In cyclic steam operations, it is advantageous to know the bottomholetemperature, (BHT) for production problem analysis. A low BHT indicates lowbitumen mobility, with a resulting limited inflow. If BHT is high and inflow islimited, production is being limited by some other constraint.
The BHT can be measured directly with downhole thermocouples, or it may beestimated from surface conditions. The advantage of estimating BHT is thatinstrumentation costs and operational problems can be reduced. It is difficultto estimate, due to the transient nature of cyclic steam operations. Variableflow rates and conditions, heat transfer coefficients, overburden temperaturesand other factors combine to make the estimation complex.
In this study, different estimation techniques were compared to measured BHTvalues over several cycles in a shallow McMurray well. A regression coefficientwas then applied to compare the techniques. The estimation techniques fell intotwo principle groups; analytic solutions and geothermometry. The analyticsolutions examined varied from a simple correlation between well-headtemperature (WHT) and BHT, to the application of a transient wellbore heat-lossequation. The geothermometry techniques represented various relationships oftemperature to dissolved silica; sodium and potassium and sodium, potassium, and calcium.
It was found that the best estimation techniques were the silica geothermometerand a detailed analytic solution. A large daily variation between estimated andmeasured values existed, precluding their use on an instantaneous basis.Application is therefore limited to estimating an average when severaltemperature points are available over a stable production period. Thecorrelations cannot be confidently applied in analyzing well problemsassociated with rapidly declining of fluctuating production.
In the PCEJ in-situ project an attempt was made to estimate the bottomholetemperature (BHT) by two general methods: analytic solutions of heat-loss andgeothermomery- The purpose of the estimations was to analyze the producingcycle when rapid decline occurred. The formation temperature in thisapplication of cyclic steam varies with time from 250 °C to 80 °C while thebitumen changes from highly fluid to virtually immobile. A low BHT may indicatethat a new injection cycle should start while a high value would indicate someother constraint such as well bore plugging may have affected production andsome remedial treatment was required.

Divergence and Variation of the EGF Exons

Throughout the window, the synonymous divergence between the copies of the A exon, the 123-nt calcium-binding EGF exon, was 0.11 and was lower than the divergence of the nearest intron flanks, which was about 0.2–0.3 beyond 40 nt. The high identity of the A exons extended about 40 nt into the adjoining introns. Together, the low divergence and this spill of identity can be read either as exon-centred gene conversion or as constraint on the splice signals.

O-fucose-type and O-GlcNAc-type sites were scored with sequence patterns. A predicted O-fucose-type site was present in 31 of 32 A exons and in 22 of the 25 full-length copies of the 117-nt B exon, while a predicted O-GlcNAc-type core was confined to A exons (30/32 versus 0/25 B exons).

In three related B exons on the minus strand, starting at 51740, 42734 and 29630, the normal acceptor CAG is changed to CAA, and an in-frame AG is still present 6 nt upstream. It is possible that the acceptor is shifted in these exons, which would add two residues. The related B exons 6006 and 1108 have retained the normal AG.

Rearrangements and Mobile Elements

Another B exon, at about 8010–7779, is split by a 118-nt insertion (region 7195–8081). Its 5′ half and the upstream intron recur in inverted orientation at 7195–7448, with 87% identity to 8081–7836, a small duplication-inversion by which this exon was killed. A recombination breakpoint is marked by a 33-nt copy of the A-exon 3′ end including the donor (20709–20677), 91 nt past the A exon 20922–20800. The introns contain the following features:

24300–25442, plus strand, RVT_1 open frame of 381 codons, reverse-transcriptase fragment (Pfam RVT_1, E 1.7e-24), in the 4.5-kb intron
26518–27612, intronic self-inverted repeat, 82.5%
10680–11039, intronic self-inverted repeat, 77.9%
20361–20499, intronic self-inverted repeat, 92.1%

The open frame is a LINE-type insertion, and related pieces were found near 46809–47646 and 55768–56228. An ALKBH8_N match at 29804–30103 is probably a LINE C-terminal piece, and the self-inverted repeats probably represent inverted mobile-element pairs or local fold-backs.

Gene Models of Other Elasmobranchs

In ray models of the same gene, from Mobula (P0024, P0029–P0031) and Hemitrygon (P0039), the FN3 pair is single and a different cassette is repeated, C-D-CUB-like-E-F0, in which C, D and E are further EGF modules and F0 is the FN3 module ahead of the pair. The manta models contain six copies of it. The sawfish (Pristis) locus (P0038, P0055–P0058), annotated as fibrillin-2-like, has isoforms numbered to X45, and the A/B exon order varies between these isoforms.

The more detailed analytic solutions investigated are based on the transientheat loss equations presented in literature1,2 for constant rate, single phase production of injection. More complicated numericaltechniques3, which allow for two phases and pressure drop were notapplied because of the limitations of the measured data and the primary concernwas the cooler part of the cycle when the fluid was mainly in the liquidphase.
Geothermetric formulas are semi-empirical based on the temperature dependenceof solubility. Dissolved solids in the produced water will depend on themineralization in the formation rock and original condition of the water aswell. Each general area would have a slightly modified equation to representthe temperature relationship. The formulas tested were previously found to begood in the Clearwater in the Cold Lake area4. These were applieddirectly without modification for the different conditions in the McMurray.